Chiminea wood can be just about any species of firewood......so what makes this type of firewood so unique? The size.
Firewood made for a chiminea is cut a lot smaller than your typical piece of wood.
Due to the relatively small area inside the base of a chiminea, large pieces of firewood just don't fit.
To accommodate the small opening and base, smaller pieces of wood cut between 9''-12'' inches are used.
These smaller "chunks" of wood easily fit into the fire chamber resulting in a warm, relaxing, enjoyable fire.
If you need firewood for your chiminea you basically have two choices....cut it yourself or buy it.
Cutting firewood for a chiminea is easy, just make sure you cut it to size, split it and allow it to season.
If you don't give your chiminea wood time to season after you cut it, it simply won't burn.
Wet firewood will sizzle and smolder and it won't give you that nice hot flame you're looking for in a chiminea.
You should plan on allowing the firewood to season for 6-12 months before burning it depending on which species you are going to use.
The smaller chunks cut for a chiminea will season a little faster than the longer firewood typically used in a wood stove.
Seasoning chiminea wood is a lot like any other firewood type, but you will have to accommodate for the smaller length if you're storing the wood in a firewood rack.
You never want to throw the wood into a pile and expect that it will dry out.
The wood will need to be elevated off the ground to allow airflow under the stack.
Also, cover the top 1/3 portion of the chiminea wood with a tarp or other similar object.
You never want to cover the entire stack of wood because you want to leave room for moisture to escape.
Completely covering the wood will eventually lead to firewood mold, which you don't want to burn in an outdoor setting where you have the potential to inhale the smoke.
Storing firewood in a firewood shed (like the one shown above) is a great way to store and season your firewood.
Since it has a pallet floor, it can easily hold and elevate the smaller wood used in your chiminea.
Plus, if you heat with a wood burning stove, you can just stack your chiminea wood off to one side of the shed, leaving the rest of the firewood shed for longer pieces of wood for your wood stove.
If you choose to buy your firewood, look online or locally.
Sometimes you can find pre-packaged chiminea wood at the big box stores.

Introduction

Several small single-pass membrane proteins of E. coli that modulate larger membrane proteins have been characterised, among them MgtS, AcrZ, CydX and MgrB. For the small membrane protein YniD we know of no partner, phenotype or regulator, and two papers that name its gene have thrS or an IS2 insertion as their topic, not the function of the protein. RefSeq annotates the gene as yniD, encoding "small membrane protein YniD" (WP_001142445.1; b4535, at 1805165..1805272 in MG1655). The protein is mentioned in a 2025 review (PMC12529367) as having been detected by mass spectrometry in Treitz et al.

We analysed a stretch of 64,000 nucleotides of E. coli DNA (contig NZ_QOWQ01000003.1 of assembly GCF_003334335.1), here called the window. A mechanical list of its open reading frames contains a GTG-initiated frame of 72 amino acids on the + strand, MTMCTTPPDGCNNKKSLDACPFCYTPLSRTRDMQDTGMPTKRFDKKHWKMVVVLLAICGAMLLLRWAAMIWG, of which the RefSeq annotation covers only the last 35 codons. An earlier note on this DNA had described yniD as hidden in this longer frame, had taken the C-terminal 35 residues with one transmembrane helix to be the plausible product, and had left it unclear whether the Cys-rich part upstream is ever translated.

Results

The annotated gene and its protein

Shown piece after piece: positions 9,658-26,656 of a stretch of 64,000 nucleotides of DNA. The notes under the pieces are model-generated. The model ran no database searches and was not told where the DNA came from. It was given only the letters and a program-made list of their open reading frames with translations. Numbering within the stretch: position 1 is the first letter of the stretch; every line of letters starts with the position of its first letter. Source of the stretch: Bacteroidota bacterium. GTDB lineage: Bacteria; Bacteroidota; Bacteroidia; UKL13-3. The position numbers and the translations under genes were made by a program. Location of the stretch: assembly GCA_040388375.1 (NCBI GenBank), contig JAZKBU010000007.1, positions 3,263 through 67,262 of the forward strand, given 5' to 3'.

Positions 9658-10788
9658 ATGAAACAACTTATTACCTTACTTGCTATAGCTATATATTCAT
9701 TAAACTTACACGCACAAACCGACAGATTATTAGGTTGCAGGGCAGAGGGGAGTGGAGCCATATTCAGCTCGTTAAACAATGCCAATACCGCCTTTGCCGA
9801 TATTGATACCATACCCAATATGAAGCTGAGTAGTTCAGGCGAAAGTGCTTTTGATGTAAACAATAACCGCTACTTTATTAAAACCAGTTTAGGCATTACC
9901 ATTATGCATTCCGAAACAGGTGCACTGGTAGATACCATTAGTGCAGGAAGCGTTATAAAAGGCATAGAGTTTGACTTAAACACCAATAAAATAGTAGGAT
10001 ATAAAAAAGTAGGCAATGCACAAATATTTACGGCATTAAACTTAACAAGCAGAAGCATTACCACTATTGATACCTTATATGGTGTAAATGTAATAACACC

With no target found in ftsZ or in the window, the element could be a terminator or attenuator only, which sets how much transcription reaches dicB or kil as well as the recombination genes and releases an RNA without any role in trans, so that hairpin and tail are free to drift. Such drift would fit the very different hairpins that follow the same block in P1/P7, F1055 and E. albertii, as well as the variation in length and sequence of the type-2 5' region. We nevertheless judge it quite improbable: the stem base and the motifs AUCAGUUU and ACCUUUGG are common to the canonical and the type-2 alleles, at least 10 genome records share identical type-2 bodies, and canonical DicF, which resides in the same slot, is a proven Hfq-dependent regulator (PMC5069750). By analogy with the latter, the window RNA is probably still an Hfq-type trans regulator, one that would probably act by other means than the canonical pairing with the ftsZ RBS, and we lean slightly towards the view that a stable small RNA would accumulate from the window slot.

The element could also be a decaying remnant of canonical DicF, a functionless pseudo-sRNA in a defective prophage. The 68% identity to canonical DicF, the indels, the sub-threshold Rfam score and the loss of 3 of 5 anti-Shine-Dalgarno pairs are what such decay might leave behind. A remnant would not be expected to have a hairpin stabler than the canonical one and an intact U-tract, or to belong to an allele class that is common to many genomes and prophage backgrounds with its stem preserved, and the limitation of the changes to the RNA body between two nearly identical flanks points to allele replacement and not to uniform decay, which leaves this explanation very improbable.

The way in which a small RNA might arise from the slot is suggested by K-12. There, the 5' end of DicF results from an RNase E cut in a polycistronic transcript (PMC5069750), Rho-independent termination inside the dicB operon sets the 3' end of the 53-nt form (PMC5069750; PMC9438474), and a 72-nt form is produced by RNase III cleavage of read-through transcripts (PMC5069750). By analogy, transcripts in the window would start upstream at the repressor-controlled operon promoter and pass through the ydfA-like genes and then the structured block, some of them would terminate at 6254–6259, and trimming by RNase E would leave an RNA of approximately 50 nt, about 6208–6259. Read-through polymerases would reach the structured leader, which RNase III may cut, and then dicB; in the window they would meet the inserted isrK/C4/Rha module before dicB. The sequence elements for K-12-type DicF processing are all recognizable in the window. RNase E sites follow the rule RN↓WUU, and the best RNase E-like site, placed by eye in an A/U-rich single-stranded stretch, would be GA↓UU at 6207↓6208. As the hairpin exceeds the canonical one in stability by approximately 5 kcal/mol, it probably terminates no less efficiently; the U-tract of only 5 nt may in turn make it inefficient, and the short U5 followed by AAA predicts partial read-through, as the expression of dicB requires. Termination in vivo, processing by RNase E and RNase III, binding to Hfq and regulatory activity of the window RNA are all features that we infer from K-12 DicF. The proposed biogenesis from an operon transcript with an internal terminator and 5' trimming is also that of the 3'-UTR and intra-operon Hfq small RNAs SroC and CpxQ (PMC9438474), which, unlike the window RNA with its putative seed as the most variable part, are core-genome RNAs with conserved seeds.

No matter which method you choose, burning good quality firewood specifically cut for your chiminea will bring you the most enjoyment.
The type of firewood you choose is up to you.
One of the most desirable species of wood to burn in a chiminea is pinon firewood.
Pinon or pinion wood comes from the pinyon pine which grows in the southwestern United States and Mexico.
The pinyon is a slow growing softwood that typically will only reach a height of 20-30 feet.
Even though it's considered a softwood, since pinyon grows slowly it's actually harder and more dense than a lot of hardwoods.
The pinyon also produces a large edible nut which was an important food source for Native Americans and is still widely consumed today.
Pinon firewood is popular for its aroma.
The pine aroma is known to be a mosquito and insect repellant which is why it's such a popular choice in a chiminea.
Overall, pinon firewood burns well and produces nice heat without a lot of ashes.
With the added benefit of a natural insect repellent, it's a great firewood choice!
Other popular firewood types used in a chiminea are:
Apple firewood is well known for creating amazing meals.
The wood creates a sweet and mild flavoring which goes great with a wide variety of dishes.
Since a lot of chimineas can easily be converted into a grill by taking off the stack, apple is a great choice because you'll not only get to enjoy the sweet smell of the wood, but your food will also benefit from it!
Hickory firewood is very dense and it isn't very easy to split, but it creates a hot, long lasting fire.
Since it's so dense, you'll need to give hickory at least one year to season if you're processing the wood yourself, and you'll also want to use a decent amount of kindling when starting the fire because it can be difficult at times to get hickory to light.
Hickory can take on a bitter flavor if you use it to cook with, so it's not the best choice for meals when compared to other woods like apple or mesquite, but it's amazing for a nice, hot, long lasting fire.
Do you have to burn one of these special firewood types in your chiminea?
No, you can choose just about any typical firewood you want.
However, sometimes it's nice to burn a wood that not only looks nice, but smells nice too.
No matter what species of chiminea wood you choose, just make sure the wood is seasoned to ensure a good quality fire.
Once you have a good fire started, the only thing left to do is sit back and relax!